Qatar’s rich and unique landscape is not only home to a diverse community from around the world, but a range of wildlife animals that are fascinatingly beautiful.
Despite its hot weather, Qatar is home to a range of captivating wildlife species that can be admired by all. To mark World Wildlife Day, Doha News sheds the spotlight on five of the country’s wildlife – some of which have strolled the land and soared through its skies for centuries, becoming an integral part of Qatar’s culture.
Although Rueppell’s Foxes are deemed rare in Qatar, they are considered witty survivors. With their beautiful coat and sneaky personalities, the ability to actually spot one is quite an achievement.
Rueppell’s Foxes have sandy-coloured coats that are ticked with numerous white hairs. The colour red fades along the middle of their backs, and ends with pure white on the underparts and tip of the tail.
These foxes spend most of their days in caves and become active at night when they begin hunting for their prey. As desert lovers, the foxes are highly adapted to life in the heat and have long, pointy ears to help them cool off from the harsh weather. They also have soft fur on the pads of their paws to protect them from the heat of the sand, all of which help them survive in Qatar.
The Arabian Oryx is considered the country’s national emblem – so it is not at all surprising to see it in logos and emblems across the country. The Oryx is the symbol of national carrier Qatar Airway’s and was the mascot for the Asian Games 2006.
Their coats are bright white, and they boast brown legs. Its underbelly blends beautifully with its coat and its black stripes between the head and neck, forehead, nose, all the way down to the horn, eyes and mouth, is clear for everyone to see.
However, the Oryx has seen some not-so-beautiful days. At one point, it was one the verge of extinction, but was luckily saved by sanctuaries that started breeding the Arabian Oryx in captivity, producing 75-100 calves each year.
In Qatar, The Arabian Oryx Sanctuary, also known as Al-Maha Sanctuary, is the only breeding place for this particular animal.
Falcons are no strangers to this land. In fact, over seven species of falcons live right here in Qatar, making the beautiful bird one of the most integrated animals in the country’s culture. These include the Amur Falcon, Sooty Falcon, Lanner Falcon, Saker Falcon, Peregrine Falcon and the Barbary Falcon, all of which can be spotted in the country.
However, and surprisingly to many, falcons are not native to the land. Speaking to Doha News, experts confirmed falcons are imported from abroad with a permit and are then used for hunting or falconry in the country.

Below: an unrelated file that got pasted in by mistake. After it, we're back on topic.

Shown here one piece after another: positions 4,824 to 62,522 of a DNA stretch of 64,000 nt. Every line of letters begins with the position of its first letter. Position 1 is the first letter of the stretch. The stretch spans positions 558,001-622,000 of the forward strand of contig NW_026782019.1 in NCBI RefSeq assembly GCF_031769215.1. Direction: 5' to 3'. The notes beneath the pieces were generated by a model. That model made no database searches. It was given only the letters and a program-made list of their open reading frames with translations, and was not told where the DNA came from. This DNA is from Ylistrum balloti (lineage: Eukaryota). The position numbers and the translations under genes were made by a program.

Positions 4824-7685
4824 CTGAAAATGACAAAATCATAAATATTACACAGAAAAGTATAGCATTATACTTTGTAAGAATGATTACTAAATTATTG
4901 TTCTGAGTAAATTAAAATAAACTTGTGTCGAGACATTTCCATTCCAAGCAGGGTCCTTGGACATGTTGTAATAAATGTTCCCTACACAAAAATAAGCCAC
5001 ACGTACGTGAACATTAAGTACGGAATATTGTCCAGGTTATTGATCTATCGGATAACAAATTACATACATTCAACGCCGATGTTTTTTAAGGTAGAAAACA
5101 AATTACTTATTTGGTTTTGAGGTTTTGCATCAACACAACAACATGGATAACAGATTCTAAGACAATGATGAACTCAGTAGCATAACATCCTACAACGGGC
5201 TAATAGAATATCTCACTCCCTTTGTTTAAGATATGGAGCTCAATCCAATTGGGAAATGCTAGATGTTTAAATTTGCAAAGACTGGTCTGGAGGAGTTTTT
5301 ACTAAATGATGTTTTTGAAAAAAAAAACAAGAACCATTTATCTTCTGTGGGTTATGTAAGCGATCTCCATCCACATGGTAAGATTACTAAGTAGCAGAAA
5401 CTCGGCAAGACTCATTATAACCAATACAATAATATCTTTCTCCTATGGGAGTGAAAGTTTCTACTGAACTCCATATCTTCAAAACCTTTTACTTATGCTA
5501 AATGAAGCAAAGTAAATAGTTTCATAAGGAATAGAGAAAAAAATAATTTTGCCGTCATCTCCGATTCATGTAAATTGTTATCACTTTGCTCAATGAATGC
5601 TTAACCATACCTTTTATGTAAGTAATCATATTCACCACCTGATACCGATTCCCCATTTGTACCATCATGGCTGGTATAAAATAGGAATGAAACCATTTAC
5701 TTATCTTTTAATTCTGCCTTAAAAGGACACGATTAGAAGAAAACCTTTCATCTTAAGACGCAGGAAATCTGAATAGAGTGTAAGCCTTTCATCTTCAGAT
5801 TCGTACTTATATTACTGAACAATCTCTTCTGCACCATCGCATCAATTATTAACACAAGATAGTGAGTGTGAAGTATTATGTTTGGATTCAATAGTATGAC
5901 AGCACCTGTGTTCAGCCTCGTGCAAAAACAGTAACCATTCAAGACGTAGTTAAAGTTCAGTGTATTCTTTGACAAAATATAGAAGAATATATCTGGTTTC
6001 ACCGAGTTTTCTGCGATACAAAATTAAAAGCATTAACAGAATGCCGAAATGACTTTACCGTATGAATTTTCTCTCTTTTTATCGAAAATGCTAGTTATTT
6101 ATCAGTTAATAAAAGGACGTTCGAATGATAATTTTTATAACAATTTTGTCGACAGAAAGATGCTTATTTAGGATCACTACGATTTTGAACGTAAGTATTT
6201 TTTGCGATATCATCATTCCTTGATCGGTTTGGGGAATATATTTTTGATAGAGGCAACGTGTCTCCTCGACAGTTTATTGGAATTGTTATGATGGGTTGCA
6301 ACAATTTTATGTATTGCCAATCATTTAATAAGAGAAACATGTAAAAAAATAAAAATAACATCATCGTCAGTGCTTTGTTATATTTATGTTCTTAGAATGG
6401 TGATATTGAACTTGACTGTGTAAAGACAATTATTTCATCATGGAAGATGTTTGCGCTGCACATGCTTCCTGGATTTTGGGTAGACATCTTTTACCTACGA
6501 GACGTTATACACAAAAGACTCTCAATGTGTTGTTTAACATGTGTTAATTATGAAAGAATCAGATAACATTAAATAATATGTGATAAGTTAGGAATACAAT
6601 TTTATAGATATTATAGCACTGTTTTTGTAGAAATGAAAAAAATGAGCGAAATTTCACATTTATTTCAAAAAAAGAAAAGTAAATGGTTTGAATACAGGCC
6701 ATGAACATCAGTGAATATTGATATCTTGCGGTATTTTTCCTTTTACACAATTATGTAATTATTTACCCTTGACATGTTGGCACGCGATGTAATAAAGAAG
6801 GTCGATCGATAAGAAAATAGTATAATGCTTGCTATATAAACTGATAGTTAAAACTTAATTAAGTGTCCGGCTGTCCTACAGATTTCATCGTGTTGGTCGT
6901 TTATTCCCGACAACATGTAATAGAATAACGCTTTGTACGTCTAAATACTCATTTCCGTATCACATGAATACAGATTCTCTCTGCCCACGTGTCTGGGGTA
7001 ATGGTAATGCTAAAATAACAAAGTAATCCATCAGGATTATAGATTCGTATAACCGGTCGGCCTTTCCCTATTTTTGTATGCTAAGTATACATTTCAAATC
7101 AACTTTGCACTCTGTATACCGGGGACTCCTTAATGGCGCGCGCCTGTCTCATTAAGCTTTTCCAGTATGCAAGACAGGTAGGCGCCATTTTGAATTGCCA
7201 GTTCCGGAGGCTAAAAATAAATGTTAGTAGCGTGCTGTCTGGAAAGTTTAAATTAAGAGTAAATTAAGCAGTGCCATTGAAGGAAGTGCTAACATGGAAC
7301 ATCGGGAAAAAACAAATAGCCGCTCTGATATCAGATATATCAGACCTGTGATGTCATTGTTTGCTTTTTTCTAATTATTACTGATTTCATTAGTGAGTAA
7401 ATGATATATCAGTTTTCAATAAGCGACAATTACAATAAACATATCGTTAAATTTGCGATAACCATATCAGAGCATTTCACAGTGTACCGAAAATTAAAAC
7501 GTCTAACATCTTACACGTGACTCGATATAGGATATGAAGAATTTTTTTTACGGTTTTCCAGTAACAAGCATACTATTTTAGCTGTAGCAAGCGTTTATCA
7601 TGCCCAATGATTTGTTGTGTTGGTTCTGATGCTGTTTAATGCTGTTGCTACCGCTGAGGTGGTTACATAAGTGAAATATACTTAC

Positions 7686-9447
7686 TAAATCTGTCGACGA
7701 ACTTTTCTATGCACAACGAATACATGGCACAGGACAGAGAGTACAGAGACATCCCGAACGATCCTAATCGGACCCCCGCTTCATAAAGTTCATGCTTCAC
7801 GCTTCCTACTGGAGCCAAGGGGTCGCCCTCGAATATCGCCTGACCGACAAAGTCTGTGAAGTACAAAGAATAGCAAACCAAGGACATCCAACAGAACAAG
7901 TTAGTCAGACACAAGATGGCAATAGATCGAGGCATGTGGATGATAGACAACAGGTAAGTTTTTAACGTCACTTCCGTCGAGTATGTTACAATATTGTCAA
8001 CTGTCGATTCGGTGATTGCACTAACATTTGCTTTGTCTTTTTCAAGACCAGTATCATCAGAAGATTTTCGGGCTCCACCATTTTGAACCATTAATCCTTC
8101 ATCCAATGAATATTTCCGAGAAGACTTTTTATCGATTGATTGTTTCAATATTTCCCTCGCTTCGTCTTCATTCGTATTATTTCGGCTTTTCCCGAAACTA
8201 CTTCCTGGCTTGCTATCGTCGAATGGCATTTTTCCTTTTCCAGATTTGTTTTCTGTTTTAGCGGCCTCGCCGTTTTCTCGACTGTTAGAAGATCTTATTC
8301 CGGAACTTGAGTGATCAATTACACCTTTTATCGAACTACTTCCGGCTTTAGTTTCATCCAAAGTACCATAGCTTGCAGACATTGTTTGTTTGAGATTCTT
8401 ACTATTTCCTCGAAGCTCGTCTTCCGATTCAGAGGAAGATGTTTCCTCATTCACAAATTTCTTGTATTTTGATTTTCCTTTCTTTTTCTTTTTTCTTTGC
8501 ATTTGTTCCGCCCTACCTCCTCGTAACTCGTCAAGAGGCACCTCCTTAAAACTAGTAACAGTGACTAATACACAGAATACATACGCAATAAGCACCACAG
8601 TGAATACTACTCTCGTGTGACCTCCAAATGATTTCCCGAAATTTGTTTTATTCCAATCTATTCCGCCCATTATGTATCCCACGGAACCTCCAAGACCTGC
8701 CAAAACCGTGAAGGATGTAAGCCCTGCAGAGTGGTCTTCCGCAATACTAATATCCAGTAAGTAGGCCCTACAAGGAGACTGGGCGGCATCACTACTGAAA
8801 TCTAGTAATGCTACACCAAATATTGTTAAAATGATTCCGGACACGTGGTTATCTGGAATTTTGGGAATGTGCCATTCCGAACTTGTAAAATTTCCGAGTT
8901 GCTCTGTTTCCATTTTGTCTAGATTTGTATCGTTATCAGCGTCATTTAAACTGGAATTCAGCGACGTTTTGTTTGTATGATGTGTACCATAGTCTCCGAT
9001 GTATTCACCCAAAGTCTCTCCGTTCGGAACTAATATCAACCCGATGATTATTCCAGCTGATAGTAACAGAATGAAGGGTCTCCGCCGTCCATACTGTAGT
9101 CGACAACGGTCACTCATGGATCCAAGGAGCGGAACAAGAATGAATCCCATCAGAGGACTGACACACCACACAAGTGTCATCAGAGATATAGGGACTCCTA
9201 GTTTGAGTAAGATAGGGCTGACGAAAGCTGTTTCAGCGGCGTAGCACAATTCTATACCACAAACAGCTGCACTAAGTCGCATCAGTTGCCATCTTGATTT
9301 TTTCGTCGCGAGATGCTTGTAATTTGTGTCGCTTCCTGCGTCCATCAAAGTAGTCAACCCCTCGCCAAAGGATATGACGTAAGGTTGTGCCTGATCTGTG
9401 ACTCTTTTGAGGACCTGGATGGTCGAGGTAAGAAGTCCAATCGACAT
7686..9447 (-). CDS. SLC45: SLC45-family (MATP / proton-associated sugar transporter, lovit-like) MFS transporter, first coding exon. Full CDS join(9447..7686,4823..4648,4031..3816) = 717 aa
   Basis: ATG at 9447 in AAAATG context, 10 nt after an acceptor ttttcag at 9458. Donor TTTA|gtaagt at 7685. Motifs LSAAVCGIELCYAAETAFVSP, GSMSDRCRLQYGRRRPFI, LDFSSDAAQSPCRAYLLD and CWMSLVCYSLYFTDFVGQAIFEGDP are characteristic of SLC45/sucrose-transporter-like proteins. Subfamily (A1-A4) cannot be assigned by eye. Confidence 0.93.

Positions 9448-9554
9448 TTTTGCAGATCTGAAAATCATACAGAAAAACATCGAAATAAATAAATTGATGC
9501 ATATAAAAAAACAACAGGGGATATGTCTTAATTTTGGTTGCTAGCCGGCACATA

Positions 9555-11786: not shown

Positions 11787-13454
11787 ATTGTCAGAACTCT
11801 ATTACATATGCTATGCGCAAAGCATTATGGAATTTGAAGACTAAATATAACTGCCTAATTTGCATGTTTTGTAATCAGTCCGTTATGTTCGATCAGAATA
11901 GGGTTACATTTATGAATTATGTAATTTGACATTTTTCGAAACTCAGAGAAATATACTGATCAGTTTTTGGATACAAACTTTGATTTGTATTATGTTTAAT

Due to its majestic look and sharp eyes for hunting, falconry has become a prominent tradition in Qatar. What started as a means of hunting for food in the Arabian Peninsula, has become one of the most important cultural elements of Qatar.
The roots of the ancient art of falconry can be traced to the 7th century, when it began as an easier method of hunting for food.
Bedouins in what is now modern-day Qatar mastered the art, and when falcons were no longer needed for hunting, falconry became a time-honoured tradition. The sport involves a deep connection and relationship between the raptor and falconer, which develops with rigorous training.
You may consider this little bunny cute, but its advised to stay away well away. The Cape Hare, known as a Desert Hare, lives comfortably along the sand dunes of Qatar and has developed unique features that allows it to survive there.
Hares are solitary animals, and like foxes, are active mostly at night. Although they look fluffy, they can run at a speed of 48 m/h (77km/h) to catch their prey. They are also excellent swimmers and climbers and can scan the area while lying down to rest. Their large eyes can cover a field of 360 degrees.
The hare has well-developed legs for leaping and running, and large eyes and ears to identify nearby threats. Its soft coat, which varies in colour from light brown to reddish to sandy grey, helps it camouflage in the desert to increase its chances of survival.
Arabian Gazelles are a sight for sore eyes. They have dark brown coats, white underbellies and black, short, and bushy tails. They have relatively short ears, and both males and females have horns.
The Arabian Goitered Gazelles or “Rheem” are the only native gazelle species to Qatar.
They are extremely fast sprinters and can reach speeds of 80km per hour. They thrive in locations with mountainous and hilly habitats consisting of light forests, fields, or desert plateaus.